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Pocket Symphony
 
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Pocket Symphony

Air
19 Feb. 2007 | Format: MP3

£5.99 (VAT included if applicable)
Buy the CD album for £4.27 and get the MP3 version for FREE. Does not apply to gift orders.
Provided by Amazon EU Sàrl. See Terms and Conditions for important information about costs that may apply for the MP3 version in case of returns and cancellations. Complete your purchase of the CD album to save the MP3 version to your Amazon music library.
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Product details

Customer Reviews

Top Customer Reviews

Format: Audio CD
I've read all the other reviews of Air,s new album Pocket Symphony, and its obvious that there are two camps of opinion. No it's not Moon Safari, or the brilliant Talkie Walkie, but it's still a good album in its own right. After all talented artists need to move on. We don't continuously want re-makes of Moon Safari do we? (surely).

Pocket Symphony is a lot more melancholy and sombre, and doesn't have any lighter tracks to break it up, and therefore each track tends to blend into the next. In which case it becomes more ambient, musical wallpaper than an album of stand out tracks, But that's OK.

However sometimes I feel Air know exactly what they're doing, I mean ...you can just imagine advertising companies and Sophia Coppola on the phone right now.

There are a couple of guest appearances as well. Jarvis Cocker mumbles through "One hell of a party" sounding like he has the mother of all hangovers. Neil Hannon on "Somewhere between waking and sleeping", but JB Dunckel still gives the best performance vocal wise.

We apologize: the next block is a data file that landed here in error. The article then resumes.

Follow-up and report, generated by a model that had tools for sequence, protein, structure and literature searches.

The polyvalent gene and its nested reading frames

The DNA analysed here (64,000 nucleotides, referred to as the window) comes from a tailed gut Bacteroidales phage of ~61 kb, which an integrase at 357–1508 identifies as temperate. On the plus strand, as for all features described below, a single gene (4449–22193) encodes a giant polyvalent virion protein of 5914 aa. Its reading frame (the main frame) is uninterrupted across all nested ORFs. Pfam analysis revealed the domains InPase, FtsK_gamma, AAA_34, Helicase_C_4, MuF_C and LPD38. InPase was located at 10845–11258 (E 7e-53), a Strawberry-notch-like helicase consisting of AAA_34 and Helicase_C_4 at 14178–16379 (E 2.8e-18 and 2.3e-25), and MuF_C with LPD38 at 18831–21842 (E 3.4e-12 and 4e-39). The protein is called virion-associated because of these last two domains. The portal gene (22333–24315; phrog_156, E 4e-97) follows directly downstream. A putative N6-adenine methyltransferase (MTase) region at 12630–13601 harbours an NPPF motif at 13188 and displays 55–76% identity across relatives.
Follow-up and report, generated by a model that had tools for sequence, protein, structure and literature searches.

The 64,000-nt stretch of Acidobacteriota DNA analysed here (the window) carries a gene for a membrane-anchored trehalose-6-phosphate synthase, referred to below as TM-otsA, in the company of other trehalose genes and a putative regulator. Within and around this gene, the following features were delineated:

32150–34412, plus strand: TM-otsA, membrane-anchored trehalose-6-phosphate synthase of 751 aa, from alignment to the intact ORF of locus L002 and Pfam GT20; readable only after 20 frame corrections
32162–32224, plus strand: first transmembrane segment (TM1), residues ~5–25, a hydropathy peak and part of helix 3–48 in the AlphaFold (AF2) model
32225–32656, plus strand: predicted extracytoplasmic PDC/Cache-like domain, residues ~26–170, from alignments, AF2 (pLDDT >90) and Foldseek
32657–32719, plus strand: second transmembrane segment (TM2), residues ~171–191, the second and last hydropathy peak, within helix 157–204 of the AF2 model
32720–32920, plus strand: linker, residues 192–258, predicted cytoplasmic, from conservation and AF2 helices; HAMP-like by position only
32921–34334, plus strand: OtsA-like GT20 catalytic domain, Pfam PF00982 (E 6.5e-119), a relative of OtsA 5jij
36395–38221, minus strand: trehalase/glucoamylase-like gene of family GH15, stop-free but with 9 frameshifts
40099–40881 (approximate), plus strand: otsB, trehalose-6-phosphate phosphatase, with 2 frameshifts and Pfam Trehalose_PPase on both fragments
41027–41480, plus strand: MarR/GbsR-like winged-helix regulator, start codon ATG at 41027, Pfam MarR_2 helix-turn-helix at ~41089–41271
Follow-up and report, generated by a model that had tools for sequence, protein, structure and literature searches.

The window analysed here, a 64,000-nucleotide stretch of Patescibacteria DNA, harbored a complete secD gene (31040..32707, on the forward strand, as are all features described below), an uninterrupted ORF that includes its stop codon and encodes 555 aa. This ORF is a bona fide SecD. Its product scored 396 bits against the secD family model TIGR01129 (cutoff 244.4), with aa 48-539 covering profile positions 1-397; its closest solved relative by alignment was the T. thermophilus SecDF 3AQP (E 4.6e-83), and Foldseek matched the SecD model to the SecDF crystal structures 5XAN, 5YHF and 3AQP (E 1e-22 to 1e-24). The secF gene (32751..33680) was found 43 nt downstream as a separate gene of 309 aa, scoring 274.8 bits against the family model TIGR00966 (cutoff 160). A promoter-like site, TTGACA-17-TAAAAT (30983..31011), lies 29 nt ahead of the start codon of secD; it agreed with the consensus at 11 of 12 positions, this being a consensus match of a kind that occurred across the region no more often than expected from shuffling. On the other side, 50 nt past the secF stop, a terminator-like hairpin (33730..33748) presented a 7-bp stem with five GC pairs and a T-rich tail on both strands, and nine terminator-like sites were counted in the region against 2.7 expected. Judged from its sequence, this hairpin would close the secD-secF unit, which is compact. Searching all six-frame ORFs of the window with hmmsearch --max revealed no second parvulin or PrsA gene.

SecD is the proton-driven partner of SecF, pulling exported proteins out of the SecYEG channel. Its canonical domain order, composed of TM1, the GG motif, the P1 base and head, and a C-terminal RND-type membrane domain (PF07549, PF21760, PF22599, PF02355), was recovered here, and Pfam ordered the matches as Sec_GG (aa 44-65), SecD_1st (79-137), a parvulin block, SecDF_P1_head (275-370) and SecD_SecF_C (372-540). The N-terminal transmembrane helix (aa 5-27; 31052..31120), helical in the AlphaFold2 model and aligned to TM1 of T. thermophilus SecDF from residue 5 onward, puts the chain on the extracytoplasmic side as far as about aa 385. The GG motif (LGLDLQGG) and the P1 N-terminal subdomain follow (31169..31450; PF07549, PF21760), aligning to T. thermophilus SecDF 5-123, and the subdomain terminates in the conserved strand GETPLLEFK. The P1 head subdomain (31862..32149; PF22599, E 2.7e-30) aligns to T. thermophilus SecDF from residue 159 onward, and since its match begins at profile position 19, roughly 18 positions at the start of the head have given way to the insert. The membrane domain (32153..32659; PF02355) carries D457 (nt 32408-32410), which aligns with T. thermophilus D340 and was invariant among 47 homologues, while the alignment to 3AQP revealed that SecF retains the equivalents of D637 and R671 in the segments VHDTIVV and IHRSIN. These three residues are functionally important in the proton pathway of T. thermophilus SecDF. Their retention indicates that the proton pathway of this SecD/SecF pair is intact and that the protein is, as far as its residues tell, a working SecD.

Not the best album to date, and in summery...I think maybe one problem with this album, is there are no real stand out tracks, and therefore doesn't really take you anywhere. It's probably best played as back ground more than anything...definitely not a driving CD!

I'm personally giving it 4 stars, because although its not what Air fans may have expected, its still a good album in it's own right, which I'm sure that given the chance it will grow on you, as it has me.
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Format: Audio CD
Now almost 10 years since the classic Moon Safari was released, Monsieurs Dunckel and Godin once again emerge from their Parisian bunker with another slice of Gallic-tinged soundscapes, whispy melodies and movie-like operatics.

Pocket Symphony is AIR's fourth `proper' album but unlike their criminally underrated prog experiment 10,000hz Legend and the slightly disappointing follow-up Talkie Walkie, this album has more in common with their motion picture soundtrack to Sofia Coppola's The Virgin Suicides.

For the uninitiated Pocket Symphony might be difficult to like. There's none of the duo's breezy melodies of Moon Safari or the hard electronic stylings of 10,000hz. Indeed, there isn't even a hint of a `radio-friendly' track so forget anything as catchy as Cherry Blossom Girl here. Pocket Symphony is slow and stately, melancholy and sombre. Like most of AIR's output, it's upon repeated listenings that this album really starts to weave it's magic. This is an album that demands you invest time to explore it's sparse but somehow lush world.